As Bertrand Russel wrote: “In the sphere of thought, sober civilisation is roughly synonymous with science. But science, unadulterated, is not satisfying; men need also passion, art and religion. Science may set limits to knowledge, but should not set limits to imagination. Among Greek philosophers, as among those of later times, there were those who were primarily scientific and those who were primarily religious; the latter owed much, directly or indirectly, to the religion of Bacchus. This applies especially to Plato, and through him to those later developments which were ultimately embodied in Christian theology.”

By “Philosophy”, Russel meant that it “is something intermediate between theology and science.” He wrote that “there is a No Man’s Land, exposed to attack from both sides”, which is philosophy. Almost all the questions that pertinently disturb the speculative mind, which neither theology nor science can answer, are dealt with by philosophy. This places philosophy on a higher pedestal, recognising its capability to solve the complex quarries of both, by which they themselves are baffled.

Western philosophy originates from Orphism which is a sect of ascetics. In order to obtain mystic knowledge, followers of Orphism look to the inebriation of a union with God.

This mystical factor enters Greek philosophy with Pythagoras, who is a reformer of Orphism as Orpheus is a reformer of the religion of Dionysus. From Pythagoras Orphic elements enter the philosophy of Plato, and from Plato into religious philosophy.

“To the Orphic, life in this world is pain and weariness. We are bound to a wheel which turns through endless cycles of birth and death. Only by purification and renunciation and an ascetic life can we escape the wheel and attain the ecstasy of union with God.” This is an idea which resembles the thought of the ascetic philosophers of India in ancient times.

India’s approach to knowledge is holistic. Both secular and sacred issues receive equal importance. Knowledge, at its best, in Indian Philosophy is that which emancipates, annihilating ignorance forever. It liberates one from a hard slog of repeated births and deaths by which man’s destiny is fettered.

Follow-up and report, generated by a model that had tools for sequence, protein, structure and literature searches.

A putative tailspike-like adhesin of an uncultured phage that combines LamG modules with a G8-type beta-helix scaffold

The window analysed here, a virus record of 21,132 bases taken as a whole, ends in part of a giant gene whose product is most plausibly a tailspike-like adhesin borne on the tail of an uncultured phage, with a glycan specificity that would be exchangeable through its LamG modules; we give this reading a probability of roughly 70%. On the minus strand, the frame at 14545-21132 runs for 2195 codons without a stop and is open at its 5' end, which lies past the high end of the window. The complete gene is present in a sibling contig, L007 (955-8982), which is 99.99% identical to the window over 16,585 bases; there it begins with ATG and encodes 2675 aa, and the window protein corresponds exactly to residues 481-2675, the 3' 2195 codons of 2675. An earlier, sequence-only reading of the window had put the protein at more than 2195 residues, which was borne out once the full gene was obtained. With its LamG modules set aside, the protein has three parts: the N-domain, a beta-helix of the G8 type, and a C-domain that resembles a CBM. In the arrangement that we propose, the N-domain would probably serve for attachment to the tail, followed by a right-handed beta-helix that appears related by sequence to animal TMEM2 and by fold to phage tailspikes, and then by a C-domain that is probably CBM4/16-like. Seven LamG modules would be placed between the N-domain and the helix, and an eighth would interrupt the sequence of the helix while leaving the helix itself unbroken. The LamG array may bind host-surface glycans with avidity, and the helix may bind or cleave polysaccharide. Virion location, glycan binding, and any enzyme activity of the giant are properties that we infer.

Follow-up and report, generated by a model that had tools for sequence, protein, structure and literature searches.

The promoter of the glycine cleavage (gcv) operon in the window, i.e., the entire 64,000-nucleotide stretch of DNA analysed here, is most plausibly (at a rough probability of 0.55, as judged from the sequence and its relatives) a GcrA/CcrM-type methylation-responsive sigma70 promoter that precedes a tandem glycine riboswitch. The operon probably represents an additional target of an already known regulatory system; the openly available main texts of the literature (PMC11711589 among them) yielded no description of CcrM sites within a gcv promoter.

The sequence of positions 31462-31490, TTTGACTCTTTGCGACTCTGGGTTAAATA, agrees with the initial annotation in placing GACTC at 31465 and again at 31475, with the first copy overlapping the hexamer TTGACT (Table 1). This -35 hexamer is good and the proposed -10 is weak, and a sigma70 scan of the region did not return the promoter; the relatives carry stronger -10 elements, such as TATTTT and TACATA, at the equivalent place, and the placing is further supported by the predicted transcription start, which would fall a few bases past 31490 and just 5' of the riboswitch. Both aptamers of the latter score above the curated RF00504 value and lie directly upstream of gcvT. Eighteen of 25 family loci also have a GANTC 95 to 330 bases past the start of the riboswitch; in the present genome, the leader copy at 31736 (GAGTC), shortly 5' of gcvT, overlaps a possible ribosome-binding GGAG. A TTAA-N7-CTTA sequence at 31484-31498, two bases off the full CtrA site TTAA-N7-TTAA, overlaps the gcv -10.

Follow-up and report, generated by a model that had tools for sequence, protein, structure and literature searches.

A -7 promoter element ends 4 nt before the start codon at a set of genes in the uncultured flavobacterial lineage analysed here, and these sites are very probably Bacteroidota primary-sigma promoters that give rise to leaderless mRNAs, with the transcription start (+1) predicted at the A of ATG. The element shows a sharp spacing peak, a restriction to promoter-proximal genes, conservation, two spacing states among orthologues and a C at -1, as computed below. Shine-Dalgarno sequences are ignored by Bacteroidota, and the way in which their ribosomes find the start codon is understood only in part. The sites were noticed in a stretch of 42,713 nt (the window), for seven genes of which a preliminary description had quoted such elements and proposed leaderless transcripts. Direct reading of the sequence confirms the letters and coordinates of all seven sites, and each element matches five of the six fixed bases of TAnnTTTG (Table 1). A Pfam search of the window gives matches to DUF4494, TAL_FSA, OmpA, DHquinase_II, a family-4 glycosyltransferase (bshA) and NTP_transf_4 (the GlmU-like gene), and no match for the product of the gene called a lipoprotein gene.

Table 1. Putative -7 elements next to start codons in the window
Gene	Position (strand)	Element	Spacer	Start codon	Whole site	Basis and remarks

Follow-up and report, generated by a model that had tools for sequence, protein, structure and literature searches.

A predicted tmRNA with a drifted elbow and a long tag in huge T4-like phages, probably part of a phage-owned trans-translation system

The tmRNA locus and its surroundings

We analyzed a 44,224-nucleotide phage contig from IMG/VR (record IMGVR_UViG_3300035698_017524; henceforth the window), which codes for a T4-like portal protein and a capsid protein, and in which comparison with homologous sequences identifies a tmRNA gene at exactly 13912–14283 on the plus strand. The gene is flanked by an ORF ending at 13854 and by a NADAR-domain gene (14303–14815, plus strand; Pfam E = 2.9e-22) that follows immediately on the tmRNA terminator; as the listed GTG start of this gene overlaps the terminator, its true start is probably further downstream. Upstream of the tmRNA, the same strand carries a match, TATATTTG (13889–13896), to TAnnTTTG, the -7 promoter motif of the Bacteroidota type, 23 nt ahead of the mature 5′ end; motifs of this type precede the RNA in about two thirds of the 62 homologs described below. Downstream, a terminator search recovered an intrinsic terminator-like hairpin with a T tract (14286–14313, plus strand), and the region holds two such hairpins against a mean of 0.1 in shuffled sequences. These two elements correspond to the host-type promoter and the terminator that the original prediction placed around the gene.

The fundamental problems and their solutions in Indian Philosophy are similar to those of Western Philosophy. They differ in their methods of enquiry and processes of development. Indian philosophy is synthetic. It deals with every problem from different perspectives ~ metaphysics, ethics, logic, psychology and epistemology together. Besides, it is also inclusive, for it “denotes the philosophical speculations of all Indian thinkers, ancient or modern, Hindus or non-Hindus, theists or atheists”.

A philosopher initially states the views of his opponents before putting forward his own view. If he refutes the viewpoint of another philosopher he does it in a disciplined manner. Finally, when he states his own view he asserts it convincingly with valid ground and arrives at a firm conclusion known as siddhanta or uttar-paksha. His grasp over knowledge and expertise to reveal the truth that he perceives by virtue of his sadhana is unique and unparalleled.

Every major work of Indian Philosophy is “encyclopaedic”, for it gives the views of all the other schools with precision and respect. In a work on Vedanta philosophy, one finds the Carvaka, Buddha, Jaina, Sankhya, Mimangsha, Naya and Vaiseshika views discussed in detail.

Interestingly, a scholar properly trained in Indian Philosophy can skillfully deal with the abstruse problems of Western Philosophy. This has been possible because of the willingness of Indian Philosophy to honour the views of others and discuss the same openly vis-à-vis its own. India must nurture this spirit of ancient philosophers in the face of the exodus of bizarre ideas currently generated from within as well as from abroad. It must assimilate all and then dish out something universally palatable, fulfilling the requirement of the modern times. Of course, it is not a matter of intellectual acumen or academic excellence, but that of optimal spiritual attainment. Sri Ramakrishna showed how this is practically feasible. India is an ardent worshipper of knowledge. Its schools of philosophy are based on the truism that Knowledge is for Bliss and Peace.

(The writer is with the Ramakrishna Mission Ashram, Narendrapur)